Unlike last quarter, when a precipitous drop in high-LTV loans effectively masked and counterbalanced more modest increases in the remaining risk metrics, this quarter’s sizeable VQI jump is attributable to a more across-the-board increase in risk layers.

A sharp rebound in the percentage of high-LTV loans, a metric that had been in steady decline since the middle of 2019, was accompanied by modest increases in borrowers with low credit scores (FICO below 660) and high debt-to-income ratios (greater than 45%).

The spike in home prices across the country that likely accounts for the rise in high-LTV mortgages also appears to be prompting an increasing number of borrowers to seek cash-out refinancings. More than 22 percent of originations had LTVs in excess of 80 percent at the end of Q2, compared to just 17 percent at the end of Q1. Similarly, nearly 25 percent of mortgages were cash-out refis in June, compared to 22 percent in March.

Modest declines were observed in the percentages of loans on investment and multi-unit properties. All other risk metrics were up for the quarter, as the plots below illustrate.

Population assumptions:

  • Monthly data for Fannie Mae and Freddie
  • Loans originated more than three months prior to issuance are excluded because the index is meant to reflect current market
  • Loans likely to have been originated through the HARP program, as identified by LTV, MI coverage percentage, and loan purpose, are also excluded. These loans do not represent credit availability in the market as they likely would not have been originated today but for the existence of

Data assumptions:

  • Freddie Mac data goes back to 12/2005. Fannie Mae only back to 12/2014.
  • Certain fields for Freddie Mac data were missing prior to 6/2008.

GSE historical loan performance data release in support of GSE Risk Transfer activities was used to help back-fill data where it was missing.

An outline of our approach to data imputation can be found in our VQI Blog Post from October 28, 2015.


Mortgage DQs by MSA: Non-Agency Performance Chart of the Month

This month we take a closer look at geographical differences in loan performance in the non-agency space. The chart below looks at the 60+ DPD Rate for the 5 Best and Worst performing MSAs (and the overall average). A couple of things to note:

  • The pandemic seems to have simply amplified performance differences that were already apparent pre-covid. The worst performing MSAs were showing mostly above-average delinquency rates before last year’s disruption.
  • Florida was especially hard-hit. Three of the five worst-performing MSAs are in Florida. Not surprisingly, these MSAs rely heavily on the tourism industry.
  • New York jumped from being about average to being one of the worst-performing MSAs in the wake of the pandemic. This is not surprising considering how seriously the city bore the pandemic’s brunt.
  • Tech hubs show strong performance. All our best performers are strong in the Tech industry—Austin’s the new Bay Area, right?

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RiskSpan VQI: Current Underwriting Standards Q1 2021

RiskSpan’s Vintage Quality Index estimates the relative “tightness” of credit standards by computing and aggregating the percentage of Agency originations each month with one or more “risk factors” (low-FICO, high DTI, high LTV, cash-out refi, investment properties, etc.). Months with relatively few originations characterized by these risk factors are associated with lower VQI ratings. As the historical chart above shows, the index maxed out (i.e., had an unusually high number of loans with risk factors) leading up to the 2008 crisis.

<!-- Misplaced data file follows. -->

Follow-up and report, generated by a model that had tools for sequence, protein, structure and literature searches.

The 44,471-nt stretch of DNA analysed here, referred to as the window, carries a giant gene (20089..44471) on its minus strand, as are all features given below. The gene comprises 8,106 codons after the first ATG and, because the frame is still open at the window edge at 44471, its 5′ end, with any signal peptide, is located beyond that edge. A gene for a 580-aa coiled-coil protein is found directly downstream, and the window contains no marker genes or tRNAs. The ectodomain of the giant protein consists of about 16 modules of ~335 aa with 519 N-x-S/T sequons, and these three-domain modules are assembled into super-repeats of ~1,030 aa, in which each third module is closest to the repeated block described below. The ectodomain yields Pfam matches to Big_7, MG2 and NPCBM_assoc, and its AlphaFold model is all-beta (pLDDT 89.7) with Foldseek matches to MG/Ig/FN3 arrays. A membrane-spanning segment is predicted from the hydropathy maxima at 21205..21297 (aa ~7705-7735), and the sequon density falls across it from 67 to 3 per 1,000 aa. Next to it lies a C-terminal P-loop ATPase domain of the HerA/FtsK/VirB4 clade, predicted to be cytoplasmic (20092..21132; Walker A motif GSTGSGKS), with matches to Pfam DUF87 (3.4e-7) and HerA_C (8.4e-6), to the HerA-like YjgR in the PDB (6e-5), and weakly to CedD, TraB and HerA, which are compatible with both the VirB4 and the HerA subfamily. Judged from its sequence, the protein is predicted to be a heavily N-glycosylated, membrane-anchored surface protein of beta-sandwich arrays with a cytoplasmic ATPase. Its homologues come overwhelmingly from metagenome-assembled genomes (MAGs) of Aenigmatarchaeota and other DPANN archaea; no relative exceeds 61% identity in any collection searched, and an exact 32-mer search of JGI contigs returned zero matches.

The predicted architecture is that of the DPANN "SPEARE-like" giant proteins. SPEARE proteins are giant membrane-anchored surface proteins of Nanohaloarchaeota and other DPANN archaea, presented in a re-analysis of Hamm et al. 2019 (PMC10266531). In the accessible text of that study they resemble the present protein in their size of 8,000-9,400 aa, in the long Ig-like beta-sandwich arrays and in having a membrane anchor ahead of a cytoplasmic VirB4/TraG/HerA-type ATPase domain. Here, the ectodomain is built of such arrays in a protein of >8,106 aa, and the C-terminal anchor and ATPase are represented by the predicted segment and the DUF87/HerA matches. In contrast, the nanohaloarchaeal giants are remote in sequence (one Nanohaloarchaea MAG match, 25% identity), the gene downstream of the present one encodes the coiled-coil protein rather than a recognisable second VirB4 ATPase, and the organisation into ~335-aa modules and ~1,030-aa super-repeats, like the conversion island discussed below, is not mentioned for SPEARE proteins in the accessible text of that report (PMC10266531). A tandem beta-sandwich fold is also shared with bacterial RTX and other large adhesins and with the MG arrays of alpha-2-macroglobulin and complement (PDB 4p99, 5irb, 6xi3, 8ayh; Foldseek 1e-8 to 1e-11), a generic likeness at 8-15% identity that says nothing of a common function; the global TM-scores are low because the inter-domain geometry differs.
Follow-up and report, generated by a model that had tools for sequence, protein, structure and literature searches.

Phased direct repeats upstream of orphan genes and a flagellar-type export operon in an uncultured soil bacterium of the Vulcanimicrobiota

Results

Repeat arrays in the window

Vintage Quality Index Stability Masks Purchase Credit Contraction

The first quarter of 2021 provides a stark example of why it is important to consider the individual components of RiskSpan’s Vintage Quality Index and not just the overall value. 

The Index overall dropped by just 0.37 points to 76.68 in the first quarter of 2021. On the surface, this seems to suggest a minimal change to credit availability and credit quality over the period. But the Index’s net stability masks a significant change in one key metric offset by more modest counterbalancing changes in the remaining eight. The percentage of high-LTV mortgages fell to 16.7% (down from 21% at the end of 2020) during the first quarter.  

While this continues a trend in falling rates of high-LTV loans (down 8.7% since Q1 of 2020 and almost 12% from Q1 2019) it coincides with a steady increase in house prices. From December 2020 to February 2021, the Monthly FHFA House Price Index® (US, Purchase Only, Seasonally Adjusted) rose 1.9%. More striking is the year-over-year change from February 2020 to 2021, during which the same rose by 11.1%. Taken together, the 10% increase in home prices combined with a 10% reduction in the share of high-LTV loans paints a sobering picture for marginal borrowers seeking to purchase a home.  

Some of the reduction in high-LTV share is obviously attributable to the growing percentage of refinance activity (including cash-out refinancing, which counterbalances the effect the falling high-LTV rate has on the index). But these refis does not impact the purchase-only HPI. As a result, even though the overall Index did not change materially, higher required down payments (owing to higher home prices) combined with fewer high-LTV loans reflects a credit box that effectively shrank in Q1.

Population assumptions:

  • Monthly data for Fannie Mae and Freddie Mac.

  • Loans originated more than three months prior to issuance are excluded because the index is meant to reflect current market conditions.

  • Loans likely to have been originated through the HARP program, as identified by LTV, MI coverage percentage, and loan purpose are also excluded. These loans do not represent credit availability in the market as they likely would not have been originated today but for the existence of HARP.                                                                                               

Data assumptions: